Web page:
Month: March 2015
The provisions in an association's governing documents help keep its community uniform, orderly, and safe, partly by setting requirements that members must meet when they wish to improve their property or make changes to their homes. Most associations have what is known as an architectural review committee that fields requests for changes and determines whether they should be allowed.
What should you do when your association's board doesn't act in the best interest of the community, fails to treat homeowners fairly, or doesn't conduct business ethically? A board member code of conduct can eliminate unprofessional behavior by providing for the removal of corrupt board members and including information that board members can use as a guide for acting in the best interests of the community again.
Although many elderly members in your community are capable of living independently, sooner or later you may have an elderly member who has trouble coping with day-to-day concerns, such as managing money or keeping his unit tidy. An elderly member who has trouble coping may neglect normal upkeep in his unit. Oversights can lead to property damage and safety concerns.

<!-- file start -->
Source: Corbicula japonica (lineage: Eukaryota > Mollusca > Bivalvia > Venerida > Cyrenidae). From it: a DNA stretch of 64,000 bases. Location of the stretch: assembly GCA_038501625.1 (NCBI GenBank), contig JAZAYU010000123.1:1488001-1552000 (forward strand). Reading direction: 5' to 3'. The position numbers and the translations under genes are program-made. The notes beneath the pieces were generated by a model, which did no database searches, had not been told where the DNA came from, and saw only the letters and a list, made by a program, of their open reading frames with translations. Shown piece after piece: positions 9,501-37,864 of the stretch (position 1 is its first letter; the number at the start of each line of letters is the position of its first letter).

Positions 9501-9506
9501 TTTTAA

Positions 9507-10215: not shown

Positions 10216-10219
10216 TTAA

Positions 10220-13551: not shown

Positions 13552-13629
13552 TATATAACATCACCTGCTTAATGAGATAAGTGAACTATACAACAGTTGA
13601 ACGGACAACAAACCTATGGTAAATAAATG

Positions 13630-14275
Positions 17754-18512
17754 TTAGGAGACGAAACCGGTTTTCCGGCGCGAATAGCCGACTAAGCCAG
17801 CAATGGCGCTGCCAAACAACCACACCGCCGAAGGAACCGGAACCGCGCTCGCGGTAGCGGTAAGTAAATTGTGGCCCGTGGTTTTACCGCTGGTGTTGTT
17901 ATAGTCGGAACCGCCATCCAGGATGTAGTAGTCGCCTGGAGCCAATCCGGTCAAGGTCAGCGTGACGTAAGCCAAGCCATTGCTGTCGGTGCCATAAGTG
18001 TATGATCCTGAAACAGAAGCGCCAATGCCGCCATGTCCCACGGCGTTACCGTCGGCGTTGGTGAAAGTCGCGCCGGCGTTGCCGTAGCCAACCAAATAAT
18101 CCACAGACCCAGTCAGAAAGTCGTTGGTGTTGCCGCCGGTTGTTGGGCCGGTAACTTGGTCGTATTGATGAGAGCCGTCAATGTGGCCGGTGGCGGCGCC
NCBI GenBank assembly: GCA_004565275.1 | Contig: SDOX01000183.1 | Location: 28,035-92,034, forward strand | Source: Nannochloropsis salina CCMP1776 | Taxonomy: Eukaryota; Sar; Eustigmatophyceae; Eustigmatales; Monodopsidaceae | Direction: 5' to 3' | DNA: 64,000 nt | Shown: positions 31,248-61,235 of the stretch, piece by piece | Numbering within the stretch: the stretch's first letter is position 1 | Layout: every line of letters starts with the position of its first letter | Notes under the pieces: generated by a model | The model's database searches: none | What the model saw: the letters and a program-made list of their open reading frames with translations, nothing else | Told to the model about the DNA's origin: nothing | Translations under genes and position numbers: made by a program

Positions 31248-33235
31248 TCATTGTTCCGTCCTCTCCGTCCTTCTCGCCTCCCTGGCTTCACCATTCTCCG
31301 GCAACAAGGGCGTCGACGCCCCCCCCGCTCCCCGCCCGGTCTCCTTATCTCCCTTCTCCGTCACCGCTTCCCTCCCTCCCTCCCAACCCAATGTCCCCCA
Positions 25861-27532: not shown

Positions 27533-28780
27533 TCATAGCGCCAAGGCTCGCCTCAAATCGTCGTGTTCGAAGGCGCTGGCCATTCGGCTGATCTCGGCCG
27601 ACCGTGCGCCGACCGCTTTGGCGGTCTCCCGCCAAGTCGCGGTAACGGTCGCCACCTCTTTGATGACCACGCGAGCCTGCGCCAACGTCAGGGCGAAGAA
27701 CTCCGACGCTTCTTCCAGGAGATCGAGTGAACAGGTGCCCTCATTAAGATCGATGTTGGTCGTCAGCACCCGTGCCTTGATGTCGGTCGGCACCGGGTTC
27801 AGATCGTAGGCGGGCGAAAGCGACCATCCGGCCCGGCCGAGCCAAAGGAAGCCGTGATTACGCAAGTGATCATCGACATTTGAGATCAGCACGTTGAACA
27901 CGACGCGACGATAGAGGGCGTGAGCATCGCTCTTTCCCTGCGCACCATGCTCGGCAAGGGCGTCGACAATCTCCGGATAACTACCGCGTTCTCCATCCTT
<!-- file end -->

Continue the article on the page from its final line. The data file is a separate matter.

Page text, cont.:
Ideally, association boards would act in the best interest of the community, fairly treating homeowners and ethically conducting business to further the interests of the community. Unfortunately, board members sometimes stray from the mission statement and purpose of the association, using the “power” of being on the board to stack the board with friends or members who will side with them when it comes time to vote on issues.
With the proliferation of social media, YouTube, and photo-sharing websites, it may seem like personal information is everywhere—and easy to get. But in an era of what some people call “oversharing,” association managers need to remember that members still are entitled to some measure of personal privacy. You could be faced at some point with a member’s request for a membership list. Prepare yourself for this request by having a plan for protecting the association when it divulges that information.
Facts: A homeowner made improvements to his community’s common area that weren’t approved by the association. The homeowner was fined. He later declared bankruptcy. The association filed a “proof of claim” against the homeowner. The homeowner objected to the claim. A California bankruptcy court ruled in favor of the homeowner after it determined that the association’s claim was time barred under the state’s statute of limitations for that type of claim. The association appealed.
Facts: Twenty-eight of the more than 1,000 units in a community were purchased by one homeowner. The homeowner leased the units to renters. The homeowner claimed that the renters were responsible for paying the monthly assessments for their respective units. For several years, monthly assessments weren’t submitted by the majority of the homeowner’s units. The monthly assessments were $35 when the homeowner purchased his units; they were increased to $45 and then $50 by the board of directors over the course of several years.